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Ellsworth American
January 3, 2008

Weather, Fuel Costs Complicate December Shrimp Outlook
Written by Stephen Rappaport

ELLSWORTH ? One month after the shrimp season opened on Dec. 1, Maine fishermen are finding it tough to make a buck catching the tiny crustaceans.

So far, according to Les White of the Maine Department of Marine Resources (DMR), the shrimp are still far offshore. That means boats are burning lots of fuel to get out to the fishing grounds as well as while towing, and that is a problem.

While shrimp prices are a little higher than they were a year ago, the cost of the diesel fuel fishermen use in their boats has increased substantially.

A year ago, diesel fuel cost around $2.20 per gallon. During the last week of December, the cost of diesel soared as high as $3.40 per gallon was expected to average around $3.18 per gallon for the month.

White said that boats fishing in the western part of the state have been averaging hauls of about 300 pounds of shrimp per hour of towing. Although that?s at the high end of the average catch for December, White said, but far less than the extraordinary 550 pounds boat averaged for the month last year. The catch is also more ?mixey? than it was last year, with fishermen finding a large proportion of male shrimp and small female shrimp in their nets.

According to White, the boat price for shrimp ranged between 37 cents and 55 cents per pound, with the best prices going to the handful of boats fishing Downeast. The wide range in the price also reflects what White called a ?quality price system,? based on the shrimp count per pound.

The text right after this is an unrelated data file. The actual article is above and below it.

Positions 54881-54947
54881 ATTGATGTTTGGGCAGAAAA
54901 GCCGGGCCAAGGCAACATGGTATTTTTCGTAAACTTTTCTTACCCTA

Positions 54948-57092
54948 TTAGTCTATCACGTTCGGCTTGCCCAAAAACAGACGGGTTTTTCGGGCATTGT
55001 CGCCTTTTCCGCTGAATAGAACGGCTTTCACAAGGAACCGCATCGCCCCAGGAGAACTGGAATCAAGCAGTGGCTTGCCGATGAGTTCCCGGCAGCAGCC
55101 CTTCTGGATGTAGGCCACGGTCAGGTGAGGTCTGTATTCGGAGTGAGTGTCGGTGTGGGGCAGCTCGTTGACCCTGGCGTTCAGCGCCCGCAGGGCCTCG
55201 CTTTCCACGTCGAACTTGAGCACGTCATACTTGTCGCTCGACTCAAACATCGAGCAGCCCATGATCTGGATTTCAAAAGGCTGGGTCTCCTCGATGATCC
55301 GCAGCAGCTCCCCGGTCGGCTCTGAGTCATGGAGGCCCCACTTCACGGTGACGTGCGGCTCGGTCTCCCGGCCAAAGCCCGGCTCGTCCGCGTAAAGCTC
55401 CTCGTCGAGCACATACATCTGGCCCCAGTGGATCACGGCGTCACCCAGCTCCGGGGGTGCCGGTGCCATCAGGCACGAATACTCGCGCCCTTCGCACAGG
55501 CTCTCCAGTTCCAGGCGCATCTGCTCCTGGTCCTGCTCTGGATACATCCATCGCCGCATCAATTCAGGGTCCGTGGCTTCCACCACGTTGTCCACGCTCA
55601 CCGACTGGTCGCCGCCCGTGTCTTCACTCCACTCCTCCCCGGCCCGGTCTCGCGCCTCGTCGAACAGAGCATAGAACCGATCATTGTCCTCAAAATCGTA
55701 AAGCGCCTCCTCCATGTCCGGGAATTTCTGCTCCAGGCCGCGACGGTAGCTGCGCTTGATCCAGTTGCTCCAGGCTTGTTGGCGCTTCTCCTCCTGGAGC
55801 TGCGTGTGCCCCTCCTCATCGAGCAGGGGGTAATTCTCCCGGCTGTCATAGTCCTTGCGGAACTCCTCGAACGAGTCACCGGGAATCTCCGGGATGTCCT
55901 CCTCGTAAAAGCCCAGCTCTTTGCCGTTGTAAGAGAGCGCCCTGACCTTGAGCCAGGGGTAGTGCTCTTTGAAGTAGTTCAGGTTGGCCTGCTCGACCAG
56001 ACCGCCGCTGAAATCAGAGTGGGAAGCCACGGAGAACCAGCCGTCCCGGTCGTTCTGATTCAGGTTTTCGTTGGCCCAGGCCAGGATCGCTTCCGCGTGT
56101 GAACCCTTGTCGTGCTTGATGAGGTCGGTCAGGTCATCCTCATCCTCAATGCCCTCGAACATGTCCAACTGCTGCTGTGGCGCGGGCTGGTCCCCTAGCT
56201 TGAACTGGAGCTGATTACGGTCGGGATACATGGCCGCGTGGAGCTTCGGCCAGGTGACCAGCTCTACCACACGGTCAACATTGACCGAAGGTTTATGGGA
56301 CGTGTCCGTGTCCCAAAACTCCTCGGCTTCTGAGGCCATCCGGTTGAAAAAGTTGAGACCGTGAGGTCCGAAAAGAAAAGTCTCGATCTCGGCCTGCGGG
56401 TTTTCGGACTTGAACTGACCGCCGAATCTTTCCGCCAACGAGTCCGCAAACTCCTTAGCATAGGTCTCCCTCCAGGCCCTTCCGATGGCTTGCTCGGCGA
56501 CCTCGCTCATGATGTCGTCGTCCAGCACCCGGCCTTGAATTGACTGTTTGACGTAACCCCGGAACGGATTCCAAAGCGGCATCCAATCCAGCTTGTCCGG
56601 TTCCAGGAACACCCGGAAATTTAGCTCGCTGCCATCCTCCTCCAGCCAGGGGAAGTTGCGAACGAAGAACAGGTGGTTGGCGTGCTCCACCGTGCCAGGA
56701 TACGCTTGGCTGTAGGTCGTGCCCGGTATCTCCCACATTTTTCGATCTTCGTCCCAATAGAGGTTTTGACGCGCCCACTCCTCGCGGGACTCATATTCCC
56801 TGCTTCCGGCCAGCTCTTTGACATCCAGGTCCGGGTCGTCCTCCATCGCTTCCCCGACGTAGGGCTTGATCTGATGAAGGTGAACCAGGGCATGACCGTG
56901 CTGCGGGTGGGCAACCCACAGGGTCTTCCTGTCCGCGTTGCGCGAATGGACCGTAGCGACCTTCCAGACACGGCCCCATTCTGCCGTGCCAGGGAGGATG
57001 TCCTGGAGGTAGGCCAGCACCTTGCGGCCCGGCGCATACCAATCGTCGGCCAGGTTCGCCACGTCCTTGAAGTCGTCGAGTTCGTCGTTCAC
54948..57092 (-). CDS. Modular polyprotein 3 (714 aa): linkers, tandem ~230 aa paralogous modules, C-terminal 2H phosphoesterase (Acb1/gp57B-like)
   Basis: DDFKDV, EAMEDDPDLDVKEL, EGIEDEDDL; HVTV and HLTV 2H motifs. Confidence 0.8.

?We haven?t seen that for a couple of years,? White said.

Although the price of shrimp is up, the cost of diesel has made it almost too expensive to go fishing.

?Once you catch enough to pay for the fuel and the crew, there?s not much left for the boat and the captain,? White said. ?It takes the first thousand pounds just to pay for fuel.?

With the shrimp far offshore and the cost of fuel so high, very few boats are rigging over for shrimp Downeast. Last year, White said, not a single boat in the Winter Harbor fleet entered the shrimp fishery, and no boats from that port were shrimping in December. He also said that he expected a handful of boats from Stonington to start fishing in January, once the shrimp begin to move inshore.

The economics of the shrimp fishery had another impact on the fleet, according to White.

The weather in December has been extremely windy, and many boats have been staying in port rather than going fishing. Many boats have been fishing one or two days a week instead of four or five, staying in on days when they might be fishing.

?If there?s bad weather, the price doesn?t make it worth getting beaten up,? White said.
 

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twofinbluna wrote:
It is ABSURD how much diesel costs today

YEAH and they were 45 cents here last week !! To **** with em, let em stay on the bottom.

Don
 
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